Some answers on TDD

published: Wed, 24-Nov-2004   |   updated: Thu, 16-Jun-2005

One of my readers asked me a few questions about Test-Driven Development (TDD) and I thought them interesting enough that I decided to mold them and my answers into a question-and-answer article.

Q: You've talked about TDD quite a bit so I'm curious. Which testing framework you use?

JMB: I tend to use NUnit for C#, Delphi 8 and Delphi 2005 (i.e. the dotNET universe), and DUnit for Delphi 7 and earlier.

Realize though that TDD doesn't really state categorically that you should use one of the xUnit frameworks. All TDD talks about is the need to write tests, and to write them before the code you're developing, so that you get a failing test that will pass with some judicial code.

I'll admit that there are times when I just write a small test program when the entire xUnit framework would be overkill. For example, elsewhere on my website is an exhaustive test program for the sorts in my book; it doesn't use DUnit.

So, in essence, the xUnit frameworks provide a nice environment for writing tests, but it doesn't mean that they should be used exclusively. The important thing is to write test code and use it.

Q: When you use TDD how complete a test case do you write before "going for the green", so to speak?

JMB: It depends. With "strict" TDD, you are supposed to write a simple test that tests a single item of functionality, and then write the simplest code that makes it pass. I tend, however, to streamline it a bit and would write a more complex test that relies perhaps on several connected pieces of functionality, and then make that pass. This means, in turn, that my cycles of red, green, refactor, tend to be longer than the usual few minutes or so. I do try though to make the cycle less than 30 minutes; any more than that, I feel as if I'm writing too much untestable code.

And then again, if I'm writing a class that'll be used a lot, especially if I've written some similar classes in the past, I'll write the class as a skeleton and implement each public method (or property getter/setter) to throw an exception (or raise one, in Delphi-speak) as a place holder. That way I'll know immediately if I use a method that hasn't been properly implemented (I'll get an exception), and I'll know at the end which tests haven't been written (because the corresponding method is still a one- liner throw statement). This trick is especially useful if the class is going to implement an interface (or several interfaces) because you have to implement all the interface's methods in one fell swoop otherwise your code will not compile.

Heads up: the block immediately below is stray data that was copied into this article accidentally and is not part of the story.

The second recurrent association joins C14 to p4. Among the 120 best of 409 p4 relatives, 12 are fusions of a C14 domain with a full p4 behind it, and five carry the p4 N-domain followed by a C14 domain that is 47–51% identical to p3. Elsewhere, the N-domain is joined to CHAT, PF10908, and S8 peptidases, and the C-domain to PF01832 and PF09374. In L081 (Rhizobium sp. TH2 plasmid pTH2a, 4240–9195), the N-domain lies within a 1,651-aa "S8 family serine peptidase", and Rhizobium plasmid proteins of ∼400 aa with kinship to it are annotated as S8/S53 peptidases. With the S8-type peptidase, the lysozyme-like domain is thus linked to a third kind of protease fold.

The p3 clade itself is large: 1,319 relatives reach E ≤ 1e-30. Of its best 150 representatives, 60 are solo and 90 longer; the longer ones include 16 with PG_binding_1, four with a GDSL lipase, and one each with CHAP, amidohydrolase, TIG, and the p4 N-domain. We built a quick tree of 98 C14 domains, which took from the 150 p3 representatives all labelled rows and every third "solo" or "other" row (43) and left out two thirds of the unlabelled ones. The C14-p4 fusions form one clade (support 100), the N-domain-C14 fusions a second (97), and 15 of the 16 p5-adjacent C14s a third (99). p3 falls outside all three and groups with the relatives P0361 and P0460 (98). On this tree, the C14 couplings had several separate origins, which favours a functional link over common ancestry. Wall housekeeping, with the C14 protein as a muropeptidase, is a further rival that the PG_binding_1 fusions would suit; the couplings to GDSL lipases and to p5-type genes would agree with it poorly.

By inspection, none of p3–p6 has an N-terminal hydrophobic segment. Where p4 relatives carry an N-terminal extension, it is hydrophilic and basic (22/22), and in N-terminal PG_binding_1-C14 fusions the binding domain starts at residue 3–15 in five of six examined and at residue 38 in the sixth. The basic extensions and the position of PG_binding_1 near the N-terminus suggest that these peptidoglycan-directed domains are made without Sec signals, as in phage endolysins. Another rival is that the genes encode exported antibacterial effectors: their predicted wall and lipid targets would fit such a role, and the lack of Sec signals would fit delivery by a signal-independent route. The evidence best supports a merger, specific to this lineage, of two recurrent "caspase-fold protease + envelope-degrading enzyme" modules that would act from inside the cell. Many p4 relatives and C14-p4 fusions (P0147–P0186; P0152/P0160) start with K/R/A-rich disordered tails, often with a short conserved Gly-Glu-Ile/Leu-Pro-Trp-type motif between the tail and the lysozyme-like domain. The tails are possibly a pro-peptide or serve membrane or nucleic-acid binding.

Notice that if you do write the skeleton of a class with throws/raises for its public methods and properties, don't get so wedded to your initial design that you don't recognize its deficiencies. Always be prepared to refactor your class. Obviously, the more intricate or detailed you make your initial design the harder this refactoring becomes, so be aware that you could be relaxing the TDD discipline too much.

Q: How do you determine what to write for error messages for your checks?

JMB: Error messages? Tough one, that. I tend to be parsimonious with my error message text: "Add failed", "Count is wrong after adding an item", that kind of thing. The reason is that since you are fairly rapidly cycling between writing tests and writing code, it's fairly easy to understand where the problem lies in the event of a test failure. If it isn't obvious, then you can add more text to the message strings to help you pinpoint the problem area, and then retest.

Nine months down the road when one of your tests fails during a build, for example, you may rue the day that you used terse error messages, but, in reality this situation is just the same as the previous one. It should be fairly easy to find the problem, especially if all developers are running the majority of tests during their normal development.

Q: Anything else you'd like to say in summary about TDD based on my previous questions?

JMB: In my view, TDD is more of a development discipline than a restrictive set of never-to-be-broken programming rules. If you take the basic premise that you should write a test, then write the code to make the test pass, running all tests all the time, and then refactor every now and then, you'll do fine. It may not be pristine TDD as described by Beck, et al, but it's light years ahead of having nothing.

But then again, having said that, I do subscribe to the viewpoint that the red-green-refactor cycle shouldn't be so long that you haven't run a test for several hours because the code you're writing is so complex and intricate. If I approach that particular situation (and for me it's about 30 minutes), I tend to feel that I'm out of control, that my test is too all encompassing and I should break it down, that my code is too complex and should be refactored.

So, try "strict" TDD for a while. As you do so, you'll find that you'll start taking shortcuts. Some of these shortcuts will be beneficial and will enable you to become more efficient ("hey, let's test and code Insert() and Count() at the same time"), and some of them will be detrimental ("oh, rats, I'm getting some bizarre exception in the middle of this code that's taken me 4 hours to write, I'll need the debugger to sort this lot out"). After some time doing this, you'll find that you have molded TDD to suit your programming style, rather than the other way around.